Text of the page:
During the long course of Jewish history, one of the multiple tools used to harass and persecute Jews was public humiliation. One such disgraceful public humiliation was the practice of “Black Monday” in Rome, which was also called the “Jews Race” or palio degli Ebrei, “the Jews’ competition” in Latin.

“Carnival” is celebrated in Catholic cities and countries, as a period of levity prior to the onset of “Lent,” which is a time of “penitential austerities” prior to the solemn Christian observances of Good Friday and Easter Sunday. In Rome, Carnival dates back to the mid-15th century, where races were conducted during the eight days leading up to Lent. Lent begins on “Ash Wednesday.” Many are familiar with “Mardi Gras,” which means “Fat Tuesday,” a carnival that occurs on the day prior to Ash Wednesday.

The Carnival in Rome was popularized under the papacy of Paul II (who served as Pope from 1464-1471). Pope Paul II organized a different race each day with the palio degli Ebrei, the Jews’ competition, also called Black Monday. Subsequent days featured races of children, young Christians, the elderly, donkeys and buffalos. By the time the practice of “Black Monday” was terminated, the path of the Jews’ run took place in central Rome, on what today is known as the Corso, beginning at Piazza San Marco (today’s Piazza Venezia) and ended at the Santa Maria del Popolo church, a distance of about 1 mile.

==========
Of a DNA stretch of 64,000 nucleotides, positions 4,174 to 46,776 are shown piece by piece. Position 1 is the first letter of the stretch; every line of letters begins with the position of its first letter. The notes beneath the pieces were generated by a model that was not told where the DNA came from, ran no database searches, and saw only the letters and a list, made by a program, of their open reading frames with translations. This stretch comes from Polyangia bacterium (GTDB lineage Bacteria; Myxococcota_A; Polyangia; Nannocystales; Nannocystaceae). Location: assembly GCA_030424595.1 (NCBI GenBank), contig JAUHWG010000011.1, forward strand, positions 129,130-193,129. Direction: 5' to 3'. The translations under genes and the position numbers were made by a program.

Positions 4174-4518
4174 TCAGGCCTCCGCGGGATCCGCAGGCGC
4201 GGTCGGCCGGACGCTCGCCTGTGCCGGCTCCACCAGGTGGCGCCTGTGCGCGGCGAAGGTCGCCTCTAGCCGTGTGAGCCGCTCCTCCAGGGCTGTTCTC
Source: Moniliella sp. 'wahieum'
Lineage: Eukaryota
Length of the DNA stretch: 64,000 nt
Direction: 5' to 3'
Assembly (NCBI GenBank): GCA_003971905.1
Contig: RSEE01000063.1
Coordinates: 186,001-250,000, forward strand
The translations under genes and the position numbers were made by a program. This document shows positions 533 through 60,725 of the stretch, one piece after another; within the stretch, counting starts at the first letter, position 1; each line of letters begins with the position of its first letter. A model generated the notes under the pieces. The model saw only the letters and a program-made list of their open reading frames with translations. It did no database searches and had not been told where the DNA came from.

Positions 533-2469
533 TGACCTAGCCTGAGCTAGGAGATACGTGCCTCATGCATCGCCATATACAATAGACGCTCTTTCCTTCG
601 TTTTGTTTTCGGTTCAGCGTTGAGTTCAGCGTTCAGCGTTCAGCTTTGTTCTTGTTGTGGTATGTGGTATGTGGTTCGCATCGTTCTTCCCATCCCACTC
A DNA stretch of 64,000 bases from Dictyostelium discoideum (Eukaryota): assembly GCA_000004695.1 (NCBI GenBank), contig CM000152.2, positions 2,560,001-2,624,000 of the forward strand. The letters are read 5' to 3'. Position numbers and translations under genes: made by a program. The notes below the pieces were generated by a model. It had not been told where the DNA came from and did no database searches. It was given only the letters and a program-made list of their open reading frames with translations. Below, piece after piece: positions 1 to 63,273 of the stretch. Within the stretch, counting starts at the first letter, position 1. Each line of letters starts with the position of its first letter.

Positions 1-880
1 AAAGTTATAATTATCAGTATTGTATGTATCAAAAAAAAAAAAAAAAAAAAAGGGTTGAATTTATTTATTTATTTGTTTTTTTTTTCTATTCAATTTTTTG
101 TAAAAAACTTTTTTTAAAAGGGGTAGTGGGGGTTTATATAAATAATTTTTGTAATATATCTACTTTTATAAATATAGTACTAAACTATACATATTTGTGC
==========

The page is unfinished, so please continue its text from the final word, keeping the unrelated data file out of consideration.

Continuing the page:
Contemporaneous testimony about the palio degli Ebrei describes the events. On Monday, four trumpeters arrived at the synagogue in Rome to summon the Jews to the contest. Eight, or by some accounts 12, contestants, were forced to run through Rome, wearing only a loincloth with the letters “SPQR, a Latin acronym for the official title of the municipality in Rome, painted on their foreheads. Some accounts claim that at one point in the history of Black Monday, Christian jockeys rode the Jews as they would horses. The race was held in February when the climate in Rome was cold, and often, wet and muddy. The contestants were forced to stuff themselves with food prior to the Race, which resulted in contestants vomiting and collapsing – sometimes even dying – which was a source of great entertainment for the spectators, who were permitted to throw rotten oranges and mud at the runners.

In 1668, Pope Clement IX, (who served as pope from 1667-1669) discontinued the palio degli Ebrei, but not on moral grounds. He stopped it because of the “little convenience that comes from seeing these Jews run.” The Pope substituted a tax on the Jewish community to pay 300 scudi (Papal currency) toward the expenses of Carnival.

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